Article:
Having surveyed the general contours of Oberman and Hendrix the past two days, we now turn to scholar Robert Kolb and his assessment of the person and theology of Martin Luther. Kolb begins his work, Martin Luther: Confessor of the Faith, with a statement introducing the limited scope of his endeavor, writing that “Luther’s thought, as complex as his perception of human life, as nuanced as he believed the Biblical message to be, defies adequate summary.” Kolb later purposes his work as a presentation that, “seeks to help readers begin to engage Luther’s way of thinking, the Wittenberg way of practicing theology and confessing the Christian faith in teaching and living.” Throughout his work, Kolb presents his readers with a view of Luther that emphasizes his formative influences, as well as his Theology of the Cross and its implications on the relationship between God and man. We will give further treatment to Luther’s formative educational experiences and influences below; here we will consider Kolb’s emphasis on Luther’s theology of the cross and his definition of the God-man relationship.
In order to properly understand Luther’s theology, Kolb argues that one must first understand the factors that gave rise to his theology. The issue of perhaps the greatest influence for Kolb’s view lies with understanding Luther in his historically Ockhamist understanding of God and the World. Kolb argues that for Luther, God exists as, “the Creator, who had come to rescue his human creatures from the mystery of evil and restore them to their full enjoyment in the gift of humanity.” He emphasizes the importance for Luther’s theology of human language, the power of God, and His fellowship with humanity—factors that directly influence Luther’s Theology of the Cross. Of further importance are the roles of Biblical interpretation and the paradigm of Law-Gospel. For Kolb, the Wittenberg methodology of Biblical interpretation, namely Luther’s view of the Biblical text as both literal and personal, played an important role in his interpretation of Romans 1:17 and his development of the doctrine of justification by faith. Concerning the Law-Gospel paradigm, while Luther did not invent the distinction, Kolb finds it important that he was the first to use such a dynamic with a hermeneutical function. Fundamental to Kolb’s understanding of Luther’s view of God and world was his Theology of the Cross: “True theology and recognition of God are crucified in Christ.” This Biblical theology of Christ, in conjunction with Luther’s understanding of the role of the Biblical text, and his distinctive hermeneutical guidelines of Law and Gospel, led to the heart of Luther’s theology. For Kolb, “Luther’s view of God’s Word leads inevitably to his definition of who God is and what it means to be human.” This understanding of God’s relationship to man, His willingness to save his human creations, for Kolb lies at the heart of Luther’s theology.
In dealing with other concerns surrounding Luther and the proper view of his theology, Kolb walks a balanced line of scholarship, especially when compared with Oberman and Hendrix, for he indicates the importance of the pastoral and personal concerns of Luther’s theology, as well as Luther’s understanding of the role of Satan. From a historiographical perspective, Kolb, in a manner similar to Hendrix, tends to categorize Luther’s thought and theology in more of a topical structure than as a chronological progression. However, his categorization does capture a clear picture of Wittenberg theology in a context that enables the reader to understand the importance of Luther’s influences and the Theology of the Cross. For Kolb, Luther’s emphasis on the saving work of Christ, which enabled both God and humanity to become more fully themselves, to allow for a personal relationship of mutual trust and growth, remains the key principle in understanding Luther’s theology. This fundamentally Ockhamist perspective of the relationship between God and Man remains for Kolb the key principle of Luther’s theology, a reflection of the importance of God’s relationship to man and His willingness to save his human creations. Does Kolb succeed in meeting the expectations of his principle ideas? While we have not yet fully considered the developmental aspect of Luther that Kolb believes to be of vital importance in understanding his theology, Kolb’s presentation of Luther does indeed “help readers begin to engage Luther’s way of thinking.” Kolb stresses the importance of Luther’s dynamic understanding of the relationship between God and Man through the Word and the Theology of the Cross. One could say that given Kolb’s presentation thus far, he has built upon the dynamic that Hendrix felt so crucial to Luther’s theology by providing the God-man relationship with a theological center.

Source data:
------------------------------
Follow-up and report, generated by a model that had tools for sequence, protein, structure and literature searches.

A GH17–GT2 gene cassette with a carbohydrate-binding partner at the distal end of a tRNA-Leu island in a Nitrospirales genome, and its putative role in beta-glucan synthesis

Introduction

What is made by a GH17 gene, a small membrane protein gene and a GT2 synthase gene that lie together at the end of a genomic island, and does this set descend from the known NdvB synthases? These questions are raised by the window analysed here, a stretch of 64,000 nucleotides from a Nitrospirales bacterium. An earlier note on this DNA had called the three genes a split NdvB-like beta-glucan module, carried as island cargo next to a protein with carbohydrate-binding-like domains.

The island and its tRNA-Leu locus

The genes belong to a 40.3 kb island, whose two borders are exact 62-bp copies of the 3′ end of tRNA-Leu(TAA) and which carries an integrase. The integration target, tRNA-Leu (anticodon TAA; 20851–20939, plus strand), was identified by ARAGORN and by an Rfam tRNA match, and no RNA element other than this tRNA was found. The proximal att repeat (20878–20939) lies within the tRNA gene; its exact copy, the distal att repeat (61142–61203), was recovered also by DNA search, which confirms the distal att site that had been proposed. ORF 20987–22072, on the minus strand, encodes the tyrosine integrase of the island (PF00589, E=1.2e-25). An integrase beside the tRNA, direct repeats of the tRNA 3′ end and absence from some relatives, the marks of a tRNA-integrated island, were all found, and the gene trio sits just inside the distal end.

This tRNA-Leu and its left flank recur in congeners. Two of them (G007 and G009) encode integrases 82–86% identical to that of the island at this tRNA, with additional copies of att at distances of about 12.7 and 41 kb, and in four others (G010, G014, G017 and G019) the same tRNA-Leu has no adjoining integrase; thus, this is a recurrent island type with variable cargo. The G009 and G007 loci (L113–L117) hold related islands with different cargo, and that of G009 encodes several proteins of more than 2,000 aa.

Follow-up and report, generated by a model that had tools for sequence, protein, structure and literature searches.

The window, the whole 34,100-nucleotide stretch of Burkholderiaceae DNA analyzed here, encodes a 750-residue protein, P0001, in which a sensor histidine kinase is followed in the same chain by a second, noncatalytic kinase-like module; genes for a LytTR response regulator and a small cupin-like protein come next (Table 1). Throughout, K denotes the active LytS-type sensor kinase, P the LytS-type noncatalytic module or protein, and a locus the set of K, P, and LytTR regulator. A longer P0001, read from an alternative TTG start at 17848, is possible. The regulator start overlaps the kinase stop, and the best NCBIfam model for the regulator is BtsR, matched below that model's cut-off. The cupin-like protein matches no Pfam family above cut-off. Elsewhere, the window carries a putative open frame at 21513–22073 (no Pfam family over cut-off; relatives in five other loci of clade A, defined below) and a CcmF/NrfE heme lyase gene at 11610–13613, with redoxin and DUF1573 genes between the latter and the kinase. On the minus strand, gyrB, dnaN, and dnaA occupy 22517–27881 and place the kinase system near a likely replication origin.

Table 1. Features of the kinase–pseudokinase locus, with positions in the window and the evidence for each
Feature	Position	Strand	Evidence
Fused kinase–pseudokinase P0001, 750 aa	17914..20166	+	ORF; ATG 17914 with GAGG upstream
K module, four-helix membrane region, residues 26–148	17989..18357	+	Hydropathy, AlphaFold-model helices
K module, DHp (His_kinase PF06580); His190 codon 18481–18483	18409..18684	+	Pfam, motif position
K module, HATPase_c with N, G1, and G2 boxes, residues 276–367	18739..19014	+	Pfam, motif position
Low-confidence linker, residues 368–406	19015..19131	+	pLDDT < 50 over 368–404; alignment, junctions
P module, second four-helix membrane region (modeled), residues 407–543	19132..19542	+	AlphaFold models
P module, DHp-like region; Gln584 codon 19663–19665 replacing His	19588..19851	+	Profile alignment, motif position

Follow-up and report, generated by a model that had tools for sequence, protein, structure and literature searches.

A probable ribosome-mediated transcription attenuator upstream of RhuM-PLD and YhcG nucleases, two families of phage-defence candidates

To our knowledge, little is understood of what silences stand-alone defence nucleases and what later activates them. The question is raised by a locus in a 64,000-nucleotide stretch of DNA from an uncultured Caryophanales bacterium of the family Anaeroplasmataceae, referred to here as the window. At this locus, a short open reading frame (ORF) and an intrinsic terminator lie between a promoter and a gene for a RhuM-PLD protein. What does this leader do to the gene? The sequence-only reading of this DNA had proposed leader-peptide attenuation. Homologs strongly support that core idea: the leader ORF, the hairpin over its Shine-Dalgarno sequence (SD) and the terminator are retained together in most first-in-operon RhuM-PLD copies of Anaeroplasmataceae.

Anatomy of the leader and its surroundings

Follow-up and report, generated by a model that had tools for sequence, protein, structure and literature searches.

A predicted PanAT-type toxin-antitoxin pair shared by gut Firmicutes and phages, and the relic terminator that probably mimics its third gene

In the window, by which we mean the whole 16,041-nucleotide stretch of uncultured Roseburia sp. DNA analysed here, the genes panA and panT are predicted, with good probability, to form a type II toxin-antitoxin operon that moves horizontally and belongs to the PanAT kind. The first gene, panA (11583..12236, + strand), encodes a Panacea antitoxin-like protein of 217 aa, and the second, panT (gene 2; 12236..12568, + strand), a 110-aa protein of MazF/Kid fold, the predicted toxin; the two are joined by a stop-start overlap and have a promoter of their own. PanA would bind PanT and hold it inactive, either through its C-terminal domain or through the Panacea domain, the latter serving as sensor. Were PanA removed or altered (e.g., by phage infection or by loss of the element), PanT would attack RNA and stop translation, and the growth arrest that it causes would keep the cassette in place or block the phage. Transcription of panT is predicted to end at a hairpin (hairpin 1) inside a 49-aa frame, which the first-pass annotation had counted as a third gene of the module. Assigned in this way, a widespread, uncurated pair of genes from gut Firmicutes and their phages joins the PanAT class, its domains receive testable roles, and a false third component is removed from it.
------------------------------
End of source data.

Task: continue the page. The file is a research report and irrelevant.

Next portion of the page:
Robert Kolb, Martin Luther: Confessor of the Faith, Oxford University Press, Oxford, 2009, 10.
 Ibid., 10.
 Ibid., 198.
 Ibid., 198.
 Ibid., 43-50; As opposed to a more ‘traditional’ allegorical interpretation as by Origen.
 Ibid., 50-55.
 Ibid., 55; Kolb quoting Martin Luther, Luther’s Works, (St. Louis and Philadelphia, 1958-86), 31:53.
 Ibid., 59.
 Ibid., 198.
 Ibid., 95-109.
 Ibid., 129.
 Ibid., 125.
 Ibid., 10.
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